YOUNG Ódhran Andrews, who has special needs, is at his happiest when he’s on horseback, says his devoted mum, Claudia O’Sullivan.
This mother and her three-and-a-half-year-old son live in Eyeries in West Cork.
Ódhran, who has a rare hormone deficiency known as septo-optic dysplasia, attends Bantry Bay Pony Trekking and is in his second year of pre-school at Coomhola Montessori Pre-School.
He is encouraged to push himself to his limits and it has paid off, says Claudia.
Her son is non-verbal but very good at communicating through sign language. He is “trying to get the words out. If he doesn’t, he doesn’t and if he does, great. Ódhran’s consultant says he always defies the odds. He is so resilient.”
Ódhran was born on Claudia’s 21st birthday. She is a single mother who had no idea that there was anything wrong with her child until he was diagnosed two weeks after he was born.
“He was born a big sturdy baby, weighing eight pounds and seven ounces. I tried breastfeeding him but he wasn’t taking enough milk. His blood sugar levels started dropping. He needed a drip as he was getting dehydrated.
“He was brought to the neo-natal unit (at CUMH). I thought he’d only be there for a matter of days, but the days went on and on.”
Ódhran was constantly throwing up his bottles, and doctors decided to do an MRI scan on his brain, as well as other scans. They found a lot of abnormalities with his brain and under-development.
“Our bodies produce eight hormones but with Ódhran, three of those were not working,” explains Claudia. “His vision is impaired. We don’t know how much yet.
“One of the doctors said that Ódhran could turn out to be bad at maths - or he could be non-verbal and in a wheelchair.”
While Ódhran can’t walk on his own, his mum is determined not to consign him to the wheelchair that she was given.
Thanks to hormone replacement administered through liquids, Ódhran “has turned a corner, he is like a new child”.
Claudia adds: “He can drink himself. I was very glad to see the back of the tube.
"He can take steps if I’m holding his hands. He won’t walk by himself. I think a lot of that is to do with his vision. There’s a fear factor there. But he can sit up by himself and he can move with his tummy.
“He’s very active. I’m hopeful for him because he has come on so much in the past few years. He is reaching his milestones - at his own pace.
“I’m obviously very grateful for the wheelchair. But it won’t be used unless it’s absolutely necessary. I have put a lot of time and energy into pushing Ódhran to his maximum ability. He has proven to me that he can do it. He’s a very sociable child, he loves attention and affection.”
However, Claudia admits that she was shocked when her son got his diagnosis and doubted that she’d be able to look after him.
“He was in hospital for two months. I was terrified. I was crying to the nurses, saying that I could not take Ódhran home as I didn’t have it in me to care for him.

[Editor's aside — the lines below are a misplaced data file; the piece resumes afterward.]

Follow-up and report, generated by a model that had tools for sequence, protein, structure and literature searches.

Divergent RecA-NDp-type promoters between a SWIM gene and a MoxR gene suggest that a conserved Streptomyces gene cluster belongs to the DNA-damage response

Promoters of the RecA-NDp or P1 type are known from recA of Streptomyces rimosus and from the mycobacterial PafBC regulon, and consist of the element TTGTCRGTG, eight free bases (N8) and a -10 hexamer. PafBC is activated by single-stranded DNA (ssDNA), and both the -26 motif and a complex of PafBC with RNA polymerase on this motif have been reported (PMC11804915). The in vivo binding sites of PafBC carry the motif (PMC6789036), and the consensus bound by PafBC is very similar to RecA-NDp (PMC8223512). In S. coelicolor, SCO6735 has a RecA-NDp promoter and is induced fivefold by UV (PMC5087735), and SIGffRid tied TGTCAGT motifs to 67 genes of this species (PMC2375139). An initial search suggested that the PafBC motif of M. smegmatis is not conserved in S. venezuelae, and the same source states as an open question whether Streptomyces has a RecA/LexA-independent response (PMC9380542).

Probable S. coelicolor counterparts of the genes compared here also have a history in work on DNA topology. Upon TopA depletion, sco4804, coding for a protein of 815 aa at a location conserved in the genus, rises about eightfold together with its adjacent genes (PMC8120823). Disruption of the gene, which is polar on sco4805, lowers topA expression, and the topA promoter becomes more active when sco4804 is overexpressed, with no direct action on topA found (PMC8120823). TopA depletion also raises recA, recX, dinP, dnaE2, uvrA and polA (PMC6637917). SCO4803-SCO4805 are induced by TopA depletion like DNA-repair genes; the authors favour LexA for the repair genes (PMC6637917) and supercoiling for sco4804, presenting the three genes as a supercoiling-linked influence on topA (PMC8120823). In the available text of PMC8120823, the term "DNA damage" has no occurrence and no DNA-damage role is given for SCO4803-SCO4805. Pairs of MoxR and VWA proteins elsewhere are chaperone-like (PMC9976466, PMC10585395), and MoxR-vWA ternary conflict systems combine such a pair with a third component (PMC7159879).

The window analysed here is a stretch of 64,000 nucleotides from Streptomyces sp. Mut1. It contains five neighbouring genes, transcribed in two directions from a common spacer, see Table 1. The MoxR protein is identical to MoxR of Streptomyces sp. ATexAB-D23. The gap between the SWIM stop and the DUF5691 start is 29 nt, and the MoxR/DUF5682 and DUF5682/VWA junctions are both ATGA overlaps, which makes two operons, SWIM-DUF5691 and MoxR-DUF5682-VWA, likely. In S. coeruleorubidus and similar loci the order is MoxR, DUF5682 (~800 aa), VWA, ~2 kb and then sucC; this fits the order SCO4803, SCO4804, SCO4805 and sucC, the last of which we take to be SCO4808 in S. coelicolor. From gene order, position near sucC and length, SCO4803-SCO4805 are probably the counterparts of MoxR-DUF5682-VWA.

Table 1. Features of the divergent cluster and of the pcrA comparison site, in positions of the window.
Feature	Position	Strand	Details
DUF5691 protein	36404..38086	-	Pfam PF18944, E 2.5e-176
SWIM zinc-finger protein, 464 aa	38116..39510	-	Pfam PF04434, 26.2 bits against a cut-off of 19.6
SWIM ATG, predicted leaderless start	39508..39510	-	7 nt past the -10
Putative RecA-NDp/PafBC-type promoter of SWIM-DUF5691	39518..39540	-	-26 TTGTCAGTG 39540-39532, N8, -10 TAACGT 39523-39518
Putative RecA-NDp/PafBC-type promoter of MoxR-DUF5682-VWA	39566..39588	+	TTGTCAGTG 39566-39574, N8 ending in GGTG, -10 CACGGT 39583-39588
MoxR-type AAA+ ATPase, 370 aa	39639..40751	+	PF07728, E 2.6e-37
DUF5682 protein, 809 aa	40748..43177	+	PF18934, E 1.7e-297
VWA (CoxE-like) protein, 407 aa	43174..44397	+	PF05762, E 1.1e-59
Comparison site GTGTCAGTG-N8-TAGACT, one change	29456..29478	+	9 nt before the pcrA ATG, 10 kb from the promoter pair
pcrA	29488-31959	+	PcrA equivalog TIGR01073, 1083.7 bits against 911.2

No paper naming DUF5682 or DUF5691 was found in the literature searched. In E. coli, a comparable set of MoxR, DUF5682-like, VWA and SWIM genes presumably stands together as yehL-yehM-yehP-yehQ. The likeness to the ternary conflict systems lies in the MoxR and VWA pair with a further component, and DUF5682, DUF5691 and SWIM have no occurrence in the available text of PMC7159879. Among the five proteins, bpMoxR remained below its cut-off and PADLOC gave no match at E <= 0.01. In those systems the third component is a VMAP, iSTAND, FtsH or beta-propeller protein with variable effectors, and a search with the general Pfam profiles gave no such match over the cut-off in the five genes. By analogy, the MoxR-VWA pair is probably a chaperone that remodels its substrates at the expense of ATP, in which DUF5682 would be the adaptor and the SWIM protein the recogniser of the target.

“I would see his chart in hospital with all the times for the medication. It was around the clock. I was saying, ‘what the hell is my life going to be like?’ But then, when I got him home, I grew more confident and knew what the meds were for. I was like a nurse.”
Claudia has a philosophical attitude to looking after a child with special needs. “I’m so positive now. Que sera, sera, whatever will be, will be. I was meant to be a young mom and I was meant to have a child with special needs.
“I have the time and energy to give to Ódhran. I would not change him for the world because he is just outstanding. He’s my best friend.”
Ódhran will probably do another year at pre-school. Claudia doesn’t know yet what school he’ll attend.
A qualified beautician, she works part-time, on Tuesdays and every second Saturday. “It’s important to keep a piece of me,” says Claudia.
“Thanks to the Jack & Jill Foundation (which provides respite for the parents of young children with complex and/or life limiting conditions) I’m able to get out.
“I’m happy Jack & Jill are there but at first, I almost felt guilt as a mother, letting someone come in and help me. It was a hard circle to break. But once I got past that, I just got on with it.
“The bigger part is about accepting that it is what it is. If I hold myself back, then I’m holding the child back. I have to keep going and accept that I have a child with special needs.
“I am Ódhran’s voice. He has great understanding. If he wants something, he will let me know what he wants, using sign language.”
The Jack & Jill Foundation is urging people to go ‘Up the Hill for Jack & Jill’ during October and donate €18 to support local families who have an uphill challenge in caring for their very sick child at home every day.
The charity supports 396 families across the country. As well as providing respite support, Jack & Jill provides home nursing care and end-of-life care for very sick children up to the age of six.